The Coroner: A Historical Sketch

The specialized field in which the skills of medical science are applied to serve the needs of law and justice is called legal or forensic medicine.

Legal medicine is so intimately associated with human conduct that its development may be considered contemporary with that of the social development of man, and particularly with the recognition or punishment of crime. Biblical laws made a distinction between mortal and dangerous wounds and had laws relating to the subject of public medicine. The laws of ancient Greece and Rome demonstrate evidence that some of the more important medicolegal problems were recognized. For example, Suetonius recorded that the body of Julius Ceasar was examined by a physician named Antisius, who declared that out of 23 wounds inflicted, the one which penetrated the thorax was the cause of death.

The Justinian Code (529-533 A.D.) required the opinion of a physician in certain cases and is often credited as the origin of recognition of the correlation of law and medicine in effecting legal justice. In a penal code formulated by the Bishop of Bamberg in 1507 A.D., it was stipulated that a medical examination was to be made in all cases of violent death. In 1512, the Diet of Ratisbon, under Charles V, designated in the Constitution Carolina that in all cases where medical testimony could enlighten the judge or assist in the investigation of personal injury or murder, such evidence was to be required. Thus, in Europe, the specialty of legal medicine developed as a specific function of government.

In England, we find a somewhat different approach to the legal problems of criminal violence. Investigations were made by a representative of the King. The full title of this official was” “Custos Placitorum Coronae,” more popularly the “Coronator”. Eventually this title became Coroner. The exact date of the origin of this office in England is not known. Some believe that it originated under the Saxon Kings, perhaps as early as 958 A.D. Other dates of origin are presumed to be “soon after the conquest by William the Conqueror” (1066 A.D.) or “under Henry the First” (early in the twelfth century).

Article 20 of the Articles of Eyre (1194) provided for the election of one clerk to act as custodian of the pleas of the Crown. His relation to deaths by violence was secondary to other functions. When death resulted from violence, it was customary to seize the property of the victim.

Also, objects producing accidental deaths were confiscated. These were sold and the receipts distributed as alms. These alms, knows as deodands, were meant to serve as a means of appeasing Godís wrath for the shedding of blood.

It is believed that William Penn, founder and Governor of Pennsylvania, appointed the first coroner in the American colonies in 1682. This appointment was made when a dead body was found on the banks of a river in Pennsylvania. The coroner was instructed to investigate the facts concerning the death, proceeding in the same manner as was customary in England except that the property of the dead person was to be held in trust for the heirs.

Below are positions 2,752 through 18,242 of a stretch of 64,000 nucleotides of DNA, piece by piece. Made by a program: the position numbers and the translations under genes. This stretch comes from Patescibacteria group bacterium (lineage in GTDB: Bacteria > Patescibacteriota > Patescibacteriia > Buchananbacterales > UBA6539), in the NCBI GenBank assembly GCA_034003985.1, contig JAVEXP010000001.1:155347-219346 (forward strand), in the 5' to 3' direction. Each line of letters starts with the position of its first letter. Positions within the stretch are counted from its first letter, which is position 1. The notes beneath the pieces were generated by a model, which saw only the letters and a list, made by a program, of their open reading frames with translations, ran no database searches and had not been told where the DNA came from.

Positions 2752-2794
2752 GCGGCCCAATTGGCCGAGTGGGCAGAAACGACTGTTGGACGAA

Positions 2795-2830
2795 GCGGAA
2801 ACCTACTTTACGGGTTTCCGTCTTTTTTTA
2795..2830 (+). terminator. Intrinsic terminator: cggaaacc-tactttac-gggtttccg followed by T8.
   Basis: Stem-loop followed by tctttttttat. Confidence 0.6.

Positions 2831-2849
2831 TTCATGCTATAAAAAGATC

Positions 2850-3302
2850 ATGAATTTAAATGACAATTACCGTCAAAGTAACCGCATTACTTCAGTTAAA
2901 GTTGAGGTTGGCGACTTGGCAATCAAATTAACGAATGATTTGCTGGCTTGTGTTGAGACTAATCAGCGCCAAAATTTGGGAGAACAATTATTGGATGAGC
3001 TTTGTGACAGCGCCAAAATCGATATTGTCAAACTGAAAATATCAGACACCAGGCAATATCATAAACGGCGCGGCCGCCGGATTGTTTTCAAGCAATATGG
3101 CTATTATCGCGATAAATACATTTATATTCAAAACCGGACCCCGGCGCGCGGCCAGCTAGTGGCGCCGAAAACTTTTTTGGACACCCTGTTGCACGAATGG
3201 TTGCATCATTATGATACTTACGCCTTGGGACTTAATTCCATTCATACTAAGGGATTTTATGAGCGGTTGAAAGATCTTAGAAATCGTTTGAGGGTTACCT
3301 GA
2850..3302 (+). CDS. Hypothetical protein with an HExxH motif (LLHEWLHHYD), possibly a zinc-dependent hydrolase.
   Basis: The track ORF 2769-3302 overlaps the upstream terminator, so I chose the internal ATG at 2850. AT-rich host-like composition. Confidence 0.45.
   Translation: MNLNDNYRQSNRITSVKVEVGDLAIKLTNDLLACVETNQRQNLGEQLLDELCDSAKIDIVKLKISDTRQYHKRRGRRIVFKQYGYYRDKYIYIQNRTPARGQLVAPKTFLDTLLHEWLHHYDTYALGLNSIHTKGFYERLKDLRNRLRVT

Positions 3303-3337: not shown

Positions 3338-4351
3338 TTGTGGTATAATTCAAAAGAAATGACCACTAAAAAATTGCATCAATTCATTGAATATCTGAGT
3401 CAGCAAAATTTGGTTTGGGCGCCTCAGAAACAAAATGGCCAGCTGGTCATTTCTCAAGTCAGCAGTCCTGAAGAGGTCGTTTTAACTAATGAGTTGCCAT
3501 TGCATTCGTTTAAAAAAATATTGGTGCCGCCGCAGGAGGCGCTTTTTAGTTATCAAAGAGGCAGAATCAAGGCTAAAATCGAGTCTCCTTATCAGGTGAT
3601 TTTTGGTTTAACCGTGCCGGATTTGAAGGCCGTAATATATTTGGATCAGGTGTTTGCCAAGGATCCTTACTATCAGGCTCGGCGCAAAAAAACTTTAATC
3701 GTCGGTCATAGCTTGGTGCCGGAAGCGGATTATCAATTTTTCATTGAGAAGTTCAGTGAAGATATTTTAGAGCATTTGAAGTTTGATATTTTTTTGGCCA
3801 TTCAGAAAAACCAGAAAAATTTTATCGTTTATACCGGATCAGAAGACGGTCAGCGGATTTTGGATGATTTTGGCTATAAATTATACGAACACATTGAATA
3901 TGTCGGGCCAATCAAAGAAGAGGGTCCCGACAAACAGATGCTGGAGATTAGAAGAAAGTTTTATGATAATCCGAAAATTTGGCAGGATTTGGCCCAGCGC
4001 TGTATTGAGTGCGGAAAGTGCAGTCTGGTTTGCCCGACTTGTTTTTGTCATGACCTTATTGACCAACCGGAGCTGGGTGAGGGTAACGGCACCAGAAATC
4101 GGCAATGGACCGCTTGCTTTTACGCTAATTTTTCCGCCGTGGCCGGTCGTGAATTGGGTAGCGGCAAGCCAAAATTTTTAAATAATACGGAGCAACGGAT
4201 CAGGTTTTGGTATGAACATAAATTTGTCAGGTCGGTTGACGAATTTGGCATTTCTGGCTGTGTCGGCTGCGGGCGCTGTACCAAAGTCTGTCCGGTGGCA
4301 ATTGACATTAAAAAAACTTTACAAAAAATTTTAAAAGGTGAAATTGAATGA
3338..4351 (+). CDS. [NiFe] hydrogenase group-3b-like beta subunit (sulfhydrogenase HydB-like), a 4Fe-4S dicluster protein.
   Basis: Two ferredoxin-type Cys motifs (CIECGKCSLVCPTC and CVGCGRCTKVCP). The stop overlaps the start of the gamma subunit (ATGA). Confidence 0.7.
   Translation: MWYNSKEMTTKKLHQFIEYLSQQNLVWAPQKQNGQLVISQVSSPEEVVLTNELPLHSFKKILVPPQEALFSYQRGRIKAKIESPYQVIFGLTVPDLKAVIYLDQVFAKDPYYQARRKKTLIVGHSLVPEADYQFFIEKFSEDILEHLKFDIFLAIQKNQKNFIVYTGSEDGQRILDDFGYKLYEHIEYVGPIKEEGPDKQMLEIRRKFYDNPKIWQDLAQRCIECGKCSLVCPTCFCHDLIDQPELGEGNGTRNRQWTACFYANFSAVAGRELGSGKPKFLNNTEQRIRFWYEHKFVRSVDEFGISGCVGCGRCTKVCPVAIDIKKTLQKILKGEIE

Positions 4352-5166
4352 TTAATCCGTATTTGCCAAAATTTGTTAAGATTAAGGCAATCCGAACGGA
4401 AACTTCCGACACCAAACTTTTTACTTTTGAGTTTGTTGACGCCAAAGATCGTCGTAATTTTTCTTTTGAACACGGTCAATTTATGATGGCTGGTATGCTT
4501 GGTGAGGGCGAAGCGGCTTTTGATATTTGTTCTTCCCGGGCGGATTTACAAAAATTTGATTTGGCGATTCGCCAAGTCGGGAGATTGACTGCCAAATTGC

The OSCA Mission

  • To provide a professional organization for Ohio’s 88 Coroners. (Coroners being those licensed physicians who investigate sudden and/or suspicious deaths and perform autopsies in connection therewith as well as those licensed physicians who investigate such death but do not perform autopsies.)
  • To discuss various administrative, professional, ethical, et. al, matters affecting Coroners.
  • To establish a continuing education curriculum, to sponsor educational seminars and to exchange professional experiences.
  • To consider and encourage methods of improving and promoting the office of Coroner.
  • To further programs that enable the general public and other public officials to better understand/appreciate the vital role Coroners play in today’s society.
- Our Leadership Team

The OSCA leadership team is comprised of veteran industry professionals with the desire to advance the coroner’s offices of Ohio through the dissemination of  professional news, ideas and events. OSCA’s leadership represents the industry in a professional and courteous manner, whether it’s in the Statehouse or in public. The leadership team changes on a yearly basis. This year’s team is proud to serve the members of OSCA.

  • President
    Kevin L. Park, MD
    Williams County Coroner
    422 W. High St.
    Bryan, OH 43506
  • Vice President
    Thomas P. Gilson, MD
    Cuyahoga County Medical Examiner
    11001 Cedar Ave.
    Cleveland, OH 44106
  • Secretary
    Amy S. Jolliff, MD
    Wayne County Coroner
    1000 W. Liberty St.
    Wooster, OH 44691
  • Treasurer
    David T. Applegate II, MD, MBOE
    Union County Coroner
    128 S. Main St.
    Marysville, OH  43040
  • Board Chair
    Darren C. Adams, DO
    Scioto County Coroner
    602 7th Street (Courthouse)
    Portsmouth, OH 45662


OSCA Chief Forensic Officer
Kent E. Harshbarger, MD, JD, MBA
Montgomery County Coroner
361 West Third Street
Dayton, OH  45402-1418

Term Expiring 2024
Scott W. Jarvis, MD, FACP
Van Wert County Coroner
1198 Westwood Drive, Ste. F
Van Wert, OH 45891

Mark Komar, MD
Lake County Coroner
5966 Heisley Rd. #200
Mentor, OH 44060

Carl Ortman, MD
Athens County Coroner
278 W. Union St.
Athens, OH 45701

Term Expiring 2025
Benjamin M. Mack, MD
Lawrence County Coroner
171 Private Dr. 123
Crown City, OH  45623

Lisa K. Mannix, MD
Butler County Coroner
315 S. High St. Suite 650
Hamilton, 45011

Diane Scala-Barnett, MD
Lucas County Coroner
2595 Arlington Ave.
Toledo, OH 43614

Regional Directors
  • Central – Nathaniel Overmire, DO – Franklin County Coroner
  • Northeast – David M. Kennedy, MD – Mahoning County Coroner
  • Northwest – Douglas W. Hess, MD – Wood County Coroner
  • Southeast – Alice Frazier, DO – Jackson County Coroner
  • Southwest – Lakshmi K. Sammarco, MD – Hamilton County Coroner